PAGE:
Parties Need to Diversify Ideologies

The United States national political scene is hopelessly a two-party system.

It is unrealistic to imagine the emergence of a viable third national party within our lifetimes. As long as elections are determined by a simple plurality or ‘first past the post,’ it will be incredibly difficult for a third party to gain seats in Congress or win a Presidential election.

But the two-party system is not necessarily to blame. The issue lies in both parties creating homogenized ideologies over the last half century. Individuals say what the party says and a gridlock between just two ideological camps is born.

But it certainly has not always been this way. Political blogger Ezra Klein explains a world where party affiliation did not necessarily predict ideology.

“In the mid-20th century, the two major political parties were ideologically diverse. Democrats in the South were often more conservative than Republicans in the North. The strange jumble in political coalitions made disagreement easier. The other party wasn’t so threatening because it included lots of people you agreed with.”

So how do we break apart the parties? Caucuses could be the solution.

Congressional Member Organizations, often formed as caucuses, are officially recognized factions of Congress. They are governed by a few rules pertaining to funding and staffing and must register, but otherwise the groups are free to form around just about any topic or ideology.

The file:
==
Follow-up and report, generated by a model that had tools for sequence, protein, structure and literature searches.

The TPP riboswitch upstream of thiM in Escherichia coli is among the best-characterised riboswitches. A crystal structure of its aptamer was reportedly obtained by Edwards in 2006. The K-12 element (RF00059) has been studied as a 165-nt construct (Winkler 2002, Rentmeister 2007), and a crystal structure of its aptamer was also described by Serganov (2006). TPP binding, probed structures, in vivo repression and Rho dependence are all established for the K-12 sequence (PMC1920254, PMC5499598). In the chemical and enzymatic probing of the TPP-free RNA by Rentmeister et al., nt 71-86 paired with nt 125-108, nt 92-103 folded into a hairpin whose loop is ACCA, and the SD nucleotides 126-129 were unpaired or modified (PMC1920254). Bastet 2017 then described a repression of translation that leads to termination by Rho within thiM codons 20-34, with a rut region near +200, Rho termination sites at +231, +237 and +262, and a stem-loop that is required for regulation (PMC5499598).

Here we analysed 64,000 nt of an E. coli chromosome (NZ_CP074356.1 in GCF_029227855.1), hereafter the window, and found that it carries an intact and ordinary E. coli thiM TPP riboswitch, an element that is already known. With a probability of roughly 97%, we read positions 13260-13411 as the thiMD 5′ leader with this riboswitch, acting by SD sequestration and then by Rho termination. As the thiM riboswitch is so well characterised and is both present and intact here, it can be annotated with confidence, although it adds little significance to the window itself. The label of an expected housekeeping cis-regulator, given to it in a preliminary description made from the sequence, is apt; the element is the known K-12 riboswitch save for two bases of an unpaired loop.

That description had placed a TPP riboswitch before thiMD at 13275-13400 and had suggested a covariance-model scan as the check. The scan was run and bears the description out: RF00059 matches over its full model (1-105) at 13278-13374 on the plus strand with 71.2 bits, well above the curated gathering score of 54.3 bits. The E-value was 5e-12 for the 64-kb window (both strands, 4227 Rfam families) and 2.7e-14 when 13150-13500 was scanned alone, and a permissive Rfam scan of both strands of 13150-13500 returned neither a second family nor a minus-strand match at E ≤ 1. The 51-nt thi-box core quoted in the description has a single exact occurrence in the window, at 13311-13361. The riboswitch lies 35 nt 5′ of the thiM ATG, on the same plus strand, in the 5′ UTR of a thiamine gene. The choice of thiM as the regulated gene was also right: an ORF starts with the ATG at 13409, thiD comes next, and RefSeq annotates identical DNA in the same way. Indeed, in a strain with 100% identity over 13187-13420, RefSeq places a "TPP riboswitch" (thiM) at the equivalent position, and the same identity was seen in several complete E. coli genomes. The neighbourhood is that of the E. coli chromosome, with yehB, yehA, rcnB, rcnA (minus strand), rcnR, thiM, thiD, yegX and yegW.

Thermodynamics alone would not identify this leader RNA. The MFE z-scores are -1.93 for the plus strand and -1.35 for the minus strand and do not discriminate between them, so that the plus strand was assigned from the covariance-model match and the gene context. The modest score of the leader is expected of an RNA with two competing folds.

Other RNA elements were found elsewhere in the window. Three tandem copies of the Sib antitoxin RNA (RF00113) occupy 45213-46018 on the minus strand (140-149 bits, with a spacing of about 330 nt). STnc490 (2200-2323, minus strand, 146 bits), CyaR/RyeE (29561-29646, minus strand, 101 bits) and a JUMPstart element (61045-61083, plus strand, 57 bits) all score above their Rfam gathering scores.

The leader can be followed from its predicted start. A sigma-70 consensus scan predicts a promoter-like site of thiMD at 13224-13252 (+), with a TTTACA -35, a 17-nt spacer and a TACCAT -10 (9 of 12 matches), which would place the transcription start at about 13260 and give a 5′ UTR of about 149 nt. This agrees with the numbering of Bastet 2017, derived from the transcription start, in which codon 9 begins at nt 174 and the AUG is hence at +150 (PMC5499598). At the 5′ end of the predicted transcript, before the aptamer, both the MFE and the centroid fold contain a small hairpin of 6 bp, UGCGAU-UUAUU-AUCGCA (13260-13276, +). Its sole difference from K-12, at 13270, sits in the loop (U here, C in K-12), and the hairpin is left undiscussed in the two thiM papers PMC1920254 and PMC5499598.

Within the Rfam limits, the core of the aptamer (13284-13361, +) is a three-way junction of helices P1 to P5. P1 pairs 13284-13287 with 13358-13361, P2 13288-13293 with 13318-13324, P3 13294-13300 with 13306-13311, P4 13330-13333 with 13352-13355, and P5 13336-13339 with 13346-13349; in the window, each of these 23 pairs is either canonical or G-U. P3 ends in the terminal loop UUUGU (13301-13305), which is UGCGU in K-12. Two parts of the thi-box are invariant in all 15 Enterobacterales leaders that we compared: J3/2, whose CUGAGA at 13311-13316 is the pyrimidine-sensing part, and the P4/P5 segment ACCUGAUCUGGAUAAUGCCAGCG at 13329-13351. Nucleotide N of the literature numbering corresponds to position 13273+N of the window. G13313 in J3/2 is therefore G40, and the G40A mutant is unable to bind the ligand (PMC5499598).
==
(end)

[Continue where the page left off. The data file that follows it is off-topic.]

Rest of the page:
Some caucuses contain members of just one party. The Blue Dogs are more conservative members of the Democratic Party. The Republican Study Committee is a subset of 170 Republicans.

Other caucuses reach across party lines, such as the Congressional Pro-Trade Caucus, the Senate Oceans Caucus or the U.S.-China Working Group. These groups bring together like-minded individuals from both sides of the aisle.

Both partisan and bi-partisan caucuses have the potential to blur the lines. The Senate Oceans Caucus allows for coalition building on marine issues. A coalition of like-minded Senators from both sides can provide another alternative on specific issues to the traditional ideologies of the two parties.

And partisan caucuses can break apart a party as well. The Tea Party Caucus was formed in 2010 and had 66 members. Although it has officially gone dormant, the Tea Party faction of the Republican Party is alive and well.

The 2013 federal government shutdown came to an end when moderate Republicans broke away from the Tea Party and formed a compromise with Democrats. The eventual compromise bill received support from every Democrat in the House and Senate but divided the Republican Party.

In essence, you had three groups fighting for a solution. The party had been broken and compromise was struck.

We may never break away from the two-party system, but it is insane to think that every member of a political party should have the same ideology. It’s time for elected officials to think for themselves and find others who also think like them, even if they have a different letter next to their name.

And it’s not just Americans who are fed up.

“Parties need to redefine their culture by which they do politics,” said British MP Douglas Carswell in a recent interview with The Economist. “Instead of this absurd belief that every single conservative has to subscribe to the same views and beliefs, we should lighten up. We should relax. We should recognize that parties are broad coalitions of people with different views. And that’s fine, that’s okay.”

 

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